His government suffered an embarrassing defeat on the third strand of a referendum on abortion which would make the practice illegal except when the life of the mother was in danger.

Reynolds was also severely criticised in an inquiry for his role in an export credit scheme undertaken when he was Haughey's minister for industry and commerce.

Image copyright PA
Image caption Together with John Major, he secured the 1993 Downing Street Declaration, laying the foundations for paramilitary ceasefire the following year

The fallout from this caused a loss of confidence in him by his coalition partners that would eventually lead to his downfall.

However, during his tenure he successfully aided the peace process in Northern Ireland, co-operating in an almost unprecedented way with a British prime minister in John Major.

In particular, Albert Reynolds, with a mixture of carrot and stick, was instrumental in persuading republicans to end their commitment to violent struggle and to agree to peace negotiations with other Northern Ireland political groupings.

He said at the time: "The IRA have nowhere to go. I've stripped away all their excuses, one by one."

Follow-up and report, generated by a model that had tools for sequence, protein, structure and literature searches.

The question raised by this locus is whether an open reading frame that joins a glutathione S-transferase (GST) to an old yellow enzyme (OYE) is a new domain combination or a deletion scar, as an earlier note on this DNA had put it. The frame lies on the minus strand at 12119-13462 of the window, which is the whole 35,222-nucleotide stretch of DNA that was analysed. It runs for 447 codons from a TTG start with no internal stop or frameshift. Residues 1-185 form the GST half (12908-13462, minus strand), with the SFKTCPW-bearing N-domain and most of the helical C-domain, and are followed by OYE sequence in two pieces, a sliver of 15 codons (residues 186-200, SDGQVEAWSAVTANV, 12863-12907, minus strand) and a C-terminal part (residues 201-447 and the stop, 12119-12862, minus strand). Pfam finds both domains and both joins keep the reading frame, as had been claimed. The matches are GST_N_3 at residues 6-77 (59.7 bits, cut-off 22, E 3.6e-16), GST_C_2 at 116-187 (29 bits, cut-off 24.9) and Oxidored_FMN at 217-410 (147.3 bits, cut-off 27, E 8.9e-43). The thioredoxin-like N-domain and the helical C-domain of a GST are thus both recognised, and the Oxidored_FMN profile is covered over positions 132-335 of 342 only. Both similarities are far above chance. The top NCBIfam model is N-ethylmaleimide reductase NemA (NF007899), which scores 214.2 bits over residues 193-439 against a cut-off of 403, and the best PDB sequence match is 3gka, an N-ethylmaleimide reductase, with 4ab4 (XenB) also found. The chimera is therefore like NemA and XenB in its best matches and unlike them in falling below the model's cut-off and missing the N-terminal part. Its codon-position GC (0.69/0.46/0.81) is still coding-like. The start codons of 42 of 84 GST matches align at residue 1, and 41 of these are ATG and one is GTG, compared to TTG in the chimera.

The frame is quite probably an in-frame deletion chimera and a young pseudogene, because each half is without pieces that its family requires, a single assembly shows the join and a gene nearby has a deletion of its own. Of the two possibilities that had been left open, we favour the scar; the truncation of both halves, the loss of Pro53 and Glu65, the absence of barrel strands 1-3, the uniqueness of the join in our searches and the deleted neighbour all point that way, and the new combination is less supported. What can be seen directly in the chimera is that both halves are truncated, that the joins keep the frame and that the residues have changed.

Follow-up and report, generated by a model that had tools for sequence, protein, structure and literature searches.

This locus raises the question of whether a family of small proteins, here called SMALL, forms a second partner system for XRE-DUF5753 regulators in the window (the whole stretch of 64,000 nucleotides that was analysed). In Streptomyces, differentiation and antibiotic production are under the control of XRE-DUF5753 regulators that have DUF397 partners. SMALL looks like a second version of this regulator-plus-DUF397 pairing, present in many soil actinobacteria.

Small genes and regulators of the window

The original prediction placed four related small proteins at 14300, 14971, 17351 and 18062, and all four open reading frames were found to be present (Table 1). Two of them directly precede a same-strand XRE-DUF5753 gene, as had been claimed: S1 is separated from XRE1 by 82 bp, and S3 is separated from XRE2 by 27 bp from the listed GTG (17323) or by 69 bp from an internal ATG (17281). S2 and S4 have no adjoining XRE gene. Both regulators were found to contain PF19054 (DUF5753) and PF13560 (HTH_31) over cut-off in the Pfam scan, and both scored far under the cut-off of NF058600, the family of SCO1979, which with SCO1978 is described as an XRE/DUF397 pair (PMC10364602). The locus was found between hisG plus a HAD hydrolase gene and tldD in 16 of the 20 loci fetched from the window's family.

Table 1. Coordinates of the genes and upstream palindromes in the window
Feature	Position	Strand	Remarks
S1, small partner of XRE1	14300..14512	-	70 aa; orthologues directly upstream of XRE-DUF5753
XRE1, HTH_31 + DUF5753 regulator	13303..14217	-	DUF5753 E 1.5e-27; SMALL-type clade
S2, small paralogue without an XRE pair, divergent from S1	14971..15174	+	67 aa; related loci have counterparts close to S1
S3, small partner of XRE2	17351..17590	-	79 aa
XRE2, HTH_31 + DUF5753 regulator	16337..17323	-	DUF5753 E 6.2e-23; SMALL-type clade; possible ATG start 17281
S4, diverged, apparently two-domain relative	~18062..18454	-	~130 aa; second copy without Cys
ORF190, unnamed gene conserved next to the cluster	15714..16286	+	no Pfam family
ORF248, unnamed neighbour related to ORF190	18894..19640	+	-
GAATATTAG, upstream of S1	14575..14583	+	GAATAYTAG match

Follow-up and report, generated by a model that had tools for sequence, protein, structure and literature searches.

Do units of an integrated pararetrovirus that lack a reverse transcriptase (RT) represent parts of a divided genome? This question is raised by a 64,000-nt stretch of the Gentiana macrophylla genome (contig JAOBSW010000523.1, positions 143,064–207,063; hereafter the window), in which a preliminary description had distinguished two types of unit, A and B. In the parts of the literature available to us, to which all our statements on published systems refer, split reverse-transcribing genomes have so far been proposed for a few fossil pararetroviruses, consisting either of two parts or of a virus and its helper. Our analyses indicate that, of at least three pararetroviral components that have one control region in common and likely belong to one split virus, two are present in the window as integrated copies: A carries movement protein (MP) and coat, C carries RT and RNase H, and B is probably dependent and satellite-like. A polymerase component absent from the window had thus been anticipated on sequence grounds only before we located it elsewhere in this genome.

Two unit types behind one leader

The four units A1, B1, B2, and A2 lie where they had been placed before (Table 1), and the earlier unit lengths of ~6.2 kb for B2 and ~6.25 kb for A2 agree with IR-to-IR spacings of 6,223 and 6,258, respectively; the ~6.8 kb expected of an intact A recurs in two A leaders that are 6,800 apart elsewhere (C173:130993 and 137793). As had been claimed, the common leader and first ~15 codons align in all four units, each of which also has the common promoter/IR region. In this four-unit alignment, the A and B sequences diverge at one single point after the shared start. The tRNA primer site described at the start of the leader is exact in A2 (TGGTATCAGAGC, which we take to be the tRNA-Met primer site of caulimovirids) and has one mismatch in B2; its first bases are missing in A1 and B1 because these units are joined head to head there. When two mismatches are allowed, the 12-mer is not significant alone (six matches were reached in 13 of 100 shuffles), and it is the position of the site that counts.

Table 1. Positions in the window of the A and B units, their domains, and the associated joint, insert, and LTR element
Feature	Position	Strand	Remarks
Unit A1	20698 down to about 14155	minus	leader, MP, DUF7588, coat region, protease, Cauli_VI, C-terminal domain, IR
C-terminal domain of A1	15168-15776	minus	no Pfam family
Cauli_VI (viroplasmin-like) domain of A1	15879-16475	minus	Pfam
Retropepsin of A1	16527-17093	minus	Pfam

Reynolds did much to convince John Major that Sinn Fein's change of policy was sincere, and he helped bring the US administration on board.

Reynolds gambled that a process of inclusive negotiations, based on democratic principles, would lead to an agreed and peaceful Northern Ireland.

In December 1993, the joint Downing Street Declaration was signed and became one of the first steps towards peace in the province.

His coalition government with the Labour Party collapsed over an affair involving the Attorney-General, Harry Whelehan.

Whelehan had been severely criticised for failing to prosecute a Catholic priest who had been accused of sexually abusing children.

Image caption Mary McAleese beat him in the Irish presidential election

When Reynolds proposed to nominate Whelehan as President of the High Court his Labour coalition partners withdrew their support of the government.

Reynolds, who had also failed to get the backing of the Irish President, Mary Robinson, resigned as taoiseach but remained a member of the Dail.

In 1997 he sought Fianna Fáil's nomination as candidate for the Irish presidency. Although he won the first round, he eventually lost out to Mary McAleese, who had secured the backing of Reynolds' former ministerial colleagues.

Many of them had never forgiven him for removing them from office when he became taoiseach in 1992

Reynolds retired from politics in 2002 and took up various business directorships as well as following his main interest, horse racing.

He was a regular feature at Irish racecourses where, despite being non-smoking and non-drinking, he would as often as not be the last to leave the bar.

In his later years, he had Alzheimer's disease, which prevented him from attending the 20th anniversary commemoration of the Downing Street Declaration, probably his finest political achievement.